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How to Repair a Deporte Watch

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August 07, 2012 03:30AM
I own a Deporte watch with three, smaller, inner dials. Day, Date, Moon Phase.

Nice watch. One day, I noticed that it seemed to be missing the crown. I sent it in for a free estimate. They provided the estimate. I asked that they simply return the watch with the crown missing. They did.

I replaced the watch. It sat quietly, untouched and un-ticking in a dark lock box.

Weeks ago I bought a three dollar "robot" shaped watch that was advertised, as, among other things, a "pocket watch" on E-bay.

Truthfully, it's a kiddie watch on a beaded key ring necklace. Equally truthfully, it wouldn't run properly when it arrived, and simply stopped.

I took it to a local jeweler that advertises "free batteries". He tested the battery, and it was good. The watch, as he pointed out, simply would not run. I considered looking for an el cheapo watch movement on E-bay to replace the one that came with it. I yanked the old movement out, not bothering to disconnect the crown, because I had no special tools or knowledge in dealing with crowns or stems. The stem snapped. The movement came out...and started to run perfectly. Apparently the hands were being stopped by contact with the crystal. I spent five dollars for a stem extender, put the hands back on (because I'd knocked them loose and they were rotating freely), and installed the stem extender. I put a little bead of Superglue gel on the metal around the crystal opposite the stem hole and let it dry overnight to produce a non-moving off-set to hold the hands away from the crystal, and the watch has now been running properly for two days. Of course, it cost nearly twice what I paid for it to repair and modify it to work. Still, it's now an eight dollar watch, and it runs, with my keys on the chain looped around my belt and deposited in my pocket.

I mention this to insure that no one who replies believes that I have a great deal of expertise or experience (or anything in the way of special tools). I should also point out that I'm not going to buy a new watch, or pay for a repair that will undoubtedly cost much more than I pay for Chinese watches.

Hence I come to the "Poor Man's Watch Forum" for advice.

This Deporte watch is fairly nice. It was less than fifty dollars with shipping several years ago. I don't know why or how the crown came loose, but I do know that after opening it, it is apparent that if there were a stem fragment left in the watch to which I might have conveniently connected a stem extender, it was gone by the time the watch came back from its trip in for the free quote.

That leaves me with some important questions:

1. How do I identify the stem size and type that is needed for this Deporte watch? (All that I know is the serial number, the arrangement of the dials, which I described above, its rounded, rectangular face, and that it has a Chinese, quartz movement.) How do I choose the right stem and crown, without paying an arm and a leg?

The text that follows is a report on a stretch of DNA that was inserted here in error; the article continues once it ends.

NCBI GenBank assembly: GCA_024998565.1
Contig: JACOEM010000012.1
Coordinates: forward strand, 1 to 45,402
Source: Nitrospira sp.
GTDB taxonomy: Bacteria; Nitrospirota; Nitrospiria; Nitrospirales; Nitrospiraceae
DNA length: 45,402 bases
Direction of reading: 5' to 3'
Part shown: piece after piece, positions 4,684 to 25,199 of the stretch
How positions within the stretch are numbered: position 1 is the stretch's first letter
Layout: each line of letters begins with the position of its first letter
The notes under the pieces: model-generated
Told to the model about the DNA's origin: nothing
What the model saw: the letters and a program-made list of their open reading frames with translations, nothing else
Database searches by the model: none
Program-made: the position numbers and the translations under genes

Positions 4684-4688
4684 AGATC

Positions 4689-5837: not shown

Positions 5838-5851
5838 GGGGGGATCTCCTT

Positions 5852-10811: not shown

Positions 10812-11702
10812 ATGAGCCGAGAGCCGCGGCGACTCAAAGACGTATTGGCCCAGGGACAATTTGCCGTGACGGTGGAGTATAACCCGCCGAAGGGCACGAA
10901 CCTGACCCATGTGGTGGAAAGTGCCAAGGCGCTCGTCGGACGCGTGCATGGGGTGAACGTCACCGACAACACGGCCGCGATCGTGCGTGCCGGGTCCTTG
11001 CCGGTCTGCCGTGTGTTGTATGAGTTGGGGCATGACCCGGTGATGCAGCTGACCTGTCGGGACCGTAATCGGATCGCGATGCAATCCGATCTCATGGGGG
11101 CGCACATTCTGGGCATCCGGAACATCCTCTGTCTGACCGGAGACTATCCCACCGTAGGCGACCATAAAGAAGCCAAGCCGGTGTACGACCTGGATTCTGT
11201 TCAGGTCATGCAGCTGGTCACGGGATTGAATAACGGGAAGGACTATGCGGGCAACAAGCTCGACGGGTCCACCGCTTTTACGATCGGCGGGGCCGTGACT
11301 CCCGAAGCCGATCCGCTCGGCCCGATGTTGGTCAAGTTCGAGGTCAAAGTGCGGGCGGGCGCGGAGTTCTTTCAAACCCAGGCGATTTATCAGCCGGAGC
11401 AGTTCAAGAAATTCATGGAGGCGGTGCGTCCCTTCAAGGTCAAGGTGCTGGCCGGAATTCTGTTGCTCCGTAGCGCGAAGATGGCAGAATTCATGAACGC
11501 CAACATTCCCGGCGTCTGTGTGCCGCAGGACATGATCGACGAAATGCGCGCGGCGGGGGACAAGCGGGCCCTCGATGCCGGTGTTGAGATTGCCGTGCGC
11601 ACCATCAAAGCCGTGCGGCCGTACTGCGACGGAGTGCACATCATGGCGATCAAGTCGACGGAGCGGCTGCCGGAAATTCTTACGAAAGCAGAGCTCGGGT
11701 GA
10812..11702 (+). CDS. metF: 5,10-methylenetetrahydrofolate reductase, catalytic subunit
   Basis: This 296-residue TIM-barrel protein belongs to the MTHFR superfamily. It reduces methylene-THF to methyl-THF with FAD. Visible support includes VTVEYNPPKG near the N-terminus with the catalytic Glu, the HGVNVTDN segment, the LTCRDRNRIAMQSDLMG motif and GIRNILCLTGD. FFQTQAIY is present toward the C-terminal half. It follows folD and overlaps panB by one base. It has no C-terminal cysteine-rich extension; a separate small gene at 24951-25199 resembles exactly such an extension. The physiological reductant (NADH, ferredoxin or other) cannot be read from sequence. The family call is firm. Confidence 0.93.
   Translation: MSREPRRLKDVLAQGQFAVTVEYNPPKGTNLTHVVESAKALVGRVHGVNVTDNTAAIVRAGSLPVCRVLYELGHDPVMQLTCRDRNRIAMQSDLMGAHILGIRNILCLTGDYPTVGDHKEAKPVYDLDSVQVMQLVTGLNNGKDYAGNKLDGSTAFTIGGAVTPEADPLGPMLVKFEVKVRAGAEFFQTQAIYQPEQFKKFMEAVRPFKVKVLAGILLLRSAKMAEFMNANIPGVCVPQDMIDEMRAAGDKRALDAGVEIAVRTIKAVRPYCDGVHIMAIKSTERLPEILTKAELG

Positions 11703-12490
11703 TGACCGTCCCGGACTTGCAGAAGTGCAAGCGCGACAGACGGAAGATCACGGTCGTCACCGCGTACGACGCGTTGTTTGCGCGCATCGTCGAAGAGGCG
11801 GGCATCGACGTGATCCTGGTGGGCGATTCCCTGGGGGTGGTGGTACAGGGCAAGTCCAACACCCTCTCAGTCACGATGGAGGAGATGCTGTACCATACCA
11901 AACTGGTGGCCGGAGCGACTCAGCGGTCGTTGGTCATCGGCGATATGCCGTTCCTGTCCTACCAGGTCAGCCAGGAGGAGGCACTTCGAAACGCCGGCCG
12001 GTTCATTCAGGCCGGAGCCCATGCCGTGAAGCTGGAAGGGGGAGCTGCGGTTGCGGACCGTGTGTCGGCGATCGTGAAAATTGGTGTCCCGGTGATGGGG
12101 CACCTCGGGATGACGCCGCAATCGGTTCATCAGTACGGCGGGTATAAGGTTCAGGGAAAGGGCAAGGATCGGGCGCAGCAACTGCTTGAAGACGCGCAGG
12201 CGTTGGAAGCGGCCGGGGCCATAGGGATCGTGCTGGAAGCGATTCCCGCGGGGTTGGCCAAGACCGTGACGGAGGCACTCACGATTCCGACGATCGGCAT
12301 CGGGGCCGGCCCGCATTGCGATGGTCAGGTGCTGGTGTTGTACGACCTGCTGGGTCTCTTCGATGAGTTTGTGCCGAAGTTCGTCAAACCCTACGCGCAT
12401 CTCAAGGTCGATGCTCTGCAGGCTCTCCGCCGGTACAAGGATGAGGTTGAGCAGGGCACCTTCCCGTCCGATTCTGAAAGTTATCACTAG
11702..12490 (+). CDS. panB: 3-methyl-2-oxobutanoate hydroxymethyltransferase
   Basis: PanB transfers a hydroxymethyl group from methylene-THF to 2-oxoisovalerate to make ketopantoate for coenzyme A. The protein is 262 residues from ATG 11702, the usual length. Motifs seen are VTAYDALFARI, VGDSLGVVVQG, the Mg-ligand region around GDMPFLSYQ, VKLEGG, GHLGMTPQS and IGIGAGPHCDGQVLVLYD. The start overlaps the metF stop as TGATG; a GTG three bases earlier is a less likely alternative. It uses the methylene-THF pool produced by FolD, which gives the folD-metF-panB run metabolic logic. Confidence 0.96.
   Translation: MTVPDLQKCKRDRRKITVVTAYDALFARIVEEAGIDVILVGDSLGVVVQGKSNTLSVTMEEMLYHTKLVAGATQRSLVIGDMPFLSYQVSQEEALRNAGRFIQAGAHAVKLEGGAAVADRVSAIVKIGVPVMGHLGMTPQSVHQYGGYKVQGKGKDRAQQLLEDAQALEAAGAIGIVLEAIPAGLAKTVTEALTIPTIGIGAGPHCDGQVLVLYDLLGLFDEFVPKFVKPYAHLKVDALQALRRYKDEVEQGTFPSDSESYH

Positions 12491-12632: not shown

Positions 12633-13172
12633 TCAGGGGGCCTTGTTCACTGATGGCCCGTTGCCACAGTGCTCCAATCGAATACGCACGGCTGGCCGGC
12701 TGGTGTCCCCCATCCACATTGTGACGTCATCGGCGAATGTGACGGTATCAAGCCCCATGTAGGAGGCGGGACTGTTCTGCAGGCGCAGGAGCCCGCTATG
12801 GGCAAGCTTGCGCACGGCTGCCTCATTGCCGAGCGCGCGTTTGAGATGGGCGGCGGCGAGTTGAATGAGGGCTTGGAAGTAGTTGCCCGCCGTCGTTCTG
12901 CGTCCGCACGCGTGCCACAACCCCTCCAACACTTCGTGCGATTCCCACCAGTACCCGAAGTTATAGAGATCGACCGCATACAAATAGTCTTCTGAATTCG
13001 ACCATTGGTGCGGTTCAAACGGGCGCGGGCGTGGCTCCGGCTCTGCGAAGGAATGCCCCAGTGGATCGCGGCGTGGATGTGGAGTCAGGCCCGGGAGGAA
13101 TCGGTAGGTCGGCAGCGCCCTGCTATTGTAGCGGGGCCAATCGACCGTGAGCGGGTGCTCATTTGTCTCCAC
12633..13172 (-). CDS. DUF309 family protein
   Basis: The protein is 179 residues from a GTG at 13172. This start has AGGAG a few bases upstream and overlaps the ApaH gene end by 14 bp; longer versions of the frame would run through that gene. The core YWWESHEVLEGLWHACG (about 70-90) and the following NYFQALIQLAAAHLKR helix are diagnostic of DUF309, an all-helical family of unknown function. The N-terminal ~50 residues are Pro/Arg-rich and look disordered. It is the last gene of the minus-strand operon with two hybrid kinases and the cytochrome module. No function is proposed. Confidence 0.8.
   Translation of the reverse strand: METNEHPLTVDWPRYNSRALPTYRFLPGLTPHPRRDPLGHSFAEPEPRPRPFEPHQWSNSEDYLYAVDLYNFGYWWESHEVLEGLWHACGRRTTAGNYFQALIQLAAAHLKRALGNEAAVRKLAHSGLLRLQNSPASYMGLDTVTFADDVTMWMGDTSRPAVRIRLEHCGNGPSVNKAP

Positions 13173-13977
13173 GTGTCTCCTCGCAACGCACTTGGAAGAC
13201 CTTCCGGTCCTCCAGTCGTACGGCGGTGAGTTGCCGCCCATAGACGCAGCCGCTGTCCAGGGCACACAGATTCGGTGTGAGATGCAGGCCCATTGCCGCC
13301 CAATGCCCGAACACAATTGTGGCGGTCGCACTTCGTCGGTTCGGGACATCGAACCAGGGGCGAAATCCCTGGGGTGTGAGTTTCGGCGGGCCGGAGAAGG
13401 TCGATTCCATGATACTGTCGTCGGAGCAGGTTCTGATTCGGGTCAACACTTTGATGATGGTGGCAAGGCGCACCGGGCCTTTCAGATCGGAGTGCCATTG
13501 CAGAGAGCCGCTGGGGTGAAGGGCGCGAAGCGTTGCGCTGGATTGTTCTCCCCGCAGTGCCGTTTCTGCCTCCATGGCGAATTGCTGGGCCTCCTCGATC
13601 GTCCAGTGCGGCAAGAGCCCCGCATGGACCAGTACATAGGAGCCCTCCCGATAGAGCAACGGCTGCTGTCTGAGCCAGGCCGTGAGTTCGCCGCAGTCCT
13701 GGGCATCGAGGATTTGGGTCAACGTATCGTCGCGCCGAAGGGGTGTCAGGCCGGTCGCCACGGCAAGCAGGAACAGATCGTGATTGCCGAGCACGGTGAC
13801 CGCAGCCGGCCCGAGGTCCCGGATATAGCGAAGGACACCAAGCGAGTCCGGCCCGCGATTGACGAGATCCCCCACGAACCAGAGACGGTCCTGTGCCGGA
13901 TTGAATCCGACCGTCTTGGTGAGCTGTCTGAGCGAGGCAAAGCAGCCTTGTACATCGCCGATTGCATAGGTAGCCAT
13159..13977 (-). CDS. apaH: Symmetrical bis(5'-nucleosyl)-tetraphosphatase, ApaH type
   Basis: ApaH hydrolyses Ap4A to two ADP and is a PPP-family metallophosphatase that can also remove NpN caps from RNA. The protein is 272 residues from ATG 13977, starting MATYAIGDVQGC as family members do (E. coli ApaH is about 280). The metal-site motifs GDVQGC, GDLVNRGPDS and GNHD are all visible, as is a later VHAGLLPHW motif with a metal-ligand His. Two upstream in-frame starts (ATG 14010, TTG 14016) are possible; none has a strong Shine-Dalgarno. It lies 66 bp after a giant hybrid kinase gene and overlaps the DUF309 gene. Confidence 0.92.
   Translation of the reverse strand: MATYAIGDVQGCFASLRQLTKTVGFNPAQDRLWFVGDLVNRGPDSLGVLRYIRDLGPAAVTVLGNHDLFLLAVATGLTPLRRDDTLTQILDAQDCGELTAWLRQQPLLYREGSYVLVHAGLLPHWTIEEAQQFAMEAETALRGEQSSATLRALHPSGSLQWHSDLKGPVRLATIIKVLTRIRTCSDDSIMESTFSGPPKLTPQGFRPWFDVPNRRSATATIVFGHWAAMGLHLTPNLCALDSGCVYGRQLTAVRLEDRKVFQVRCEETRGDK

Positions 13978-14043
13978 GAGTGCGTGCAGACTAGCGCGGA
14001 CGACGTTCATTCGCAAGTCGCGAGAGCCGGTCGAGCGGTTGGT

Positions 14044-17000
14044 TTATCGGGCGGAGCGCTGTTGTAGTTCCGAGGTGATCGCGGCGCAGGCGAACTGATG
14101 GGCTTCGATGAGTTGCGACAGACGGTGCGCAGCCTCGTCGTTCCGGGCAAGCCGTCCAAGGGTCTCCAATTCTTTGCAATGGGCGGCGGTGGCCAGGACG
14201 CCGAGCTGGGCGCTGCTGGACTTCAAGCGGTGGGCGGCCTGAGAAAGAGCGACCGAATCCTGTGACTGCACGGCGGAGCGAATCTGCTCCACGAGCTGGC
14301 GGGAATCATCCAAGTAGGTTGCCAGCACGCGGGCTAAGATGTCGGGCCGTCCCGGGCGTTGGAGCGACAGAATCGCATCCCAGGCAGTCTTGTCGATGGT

2. If the stem broke off, causing the crown to slide out and become lost with it, how do I know if the stem still has a fragment left in the watch, and how do I make certain that I remove it before I try to insert a new stem?

3. The watch does not run with a good battery installed. I presume that means that the stem may have been pulled out to stop the watch when it broke (or the repair shop left it in that condition if they decided to do a little free stem fragment removal, anticipating that I'd pay for the watch repair). How likely is that? You see, I have some difficulty visualizing how a watch stem gets pulled out far enough to stop the movement, then breaks off with the crown and leaves no fragment internally visible.

4. I have no specialty tools, and don't wish to purchase any. I have some tiny screw drivers from the Dollar Store, and a mouse pad on which to place the watch. If I need a magnifying lens, perhaps I can find one inexpensively, or on E-bay.

5. How do I remove any stem fragment, and reinsert a new stem? How do I know if the repair estimator already released the stem screw sufficiently to yank the stem fragment, before being disappointed by my response to the quote? (I don't know if this has a "stem screw", and I have no experience using one. I did read elsewhere to use 1 1/2 turns to remove a stem. Now I need merely determine if it's a stem or a pin that releases the stem, and locate it, identify if a stem fragment is present, and find the right stem for replacement.) Do I simply try to shove a new stem into the watch via the hole in the case? This watch has the plastic ring holder, so it can be removed. Of course, this time I'd rather not knock the hands off again. (They might not go back on so easily...)

6. I'll probably look for replacement parts (stem and crown) on E-bay, given their buyer protection claims.

7. I sent an e-mail to Deporte asking for the stem and crown models based on the serial number. No response yet. They'll probably ignore me, or insist they can't tell me anything based on the serial number.

8. Anything I might consider trying to fix that might account for the watch not running, if it is not simply a matter of the stem being pulled out?

Thanks for any useful insights!

Oh, yes. One final comment...


Edited 2 time(s). Last edit at 08/07/2012 03:58AM by ThePoorMan.

How to Repair a Deporte Watch

ThePoorMan1082August 07, 2012 03:30AM

Pictures are always useful... URL

BobbyMike223August 07, 2012 03:46AM

Re: Pictures are always useful... Jpeg Attachments

ThePoorMan239August 07, 2012 09:36PM

Re: Pictures are always useful... Jpeg Attachments

ThePoorMan289August 07, 2012 10:00PM

Re: Pictures are always useful... I stand corrected! Wink

BobbyMike200August 08, 2012 12:49AM

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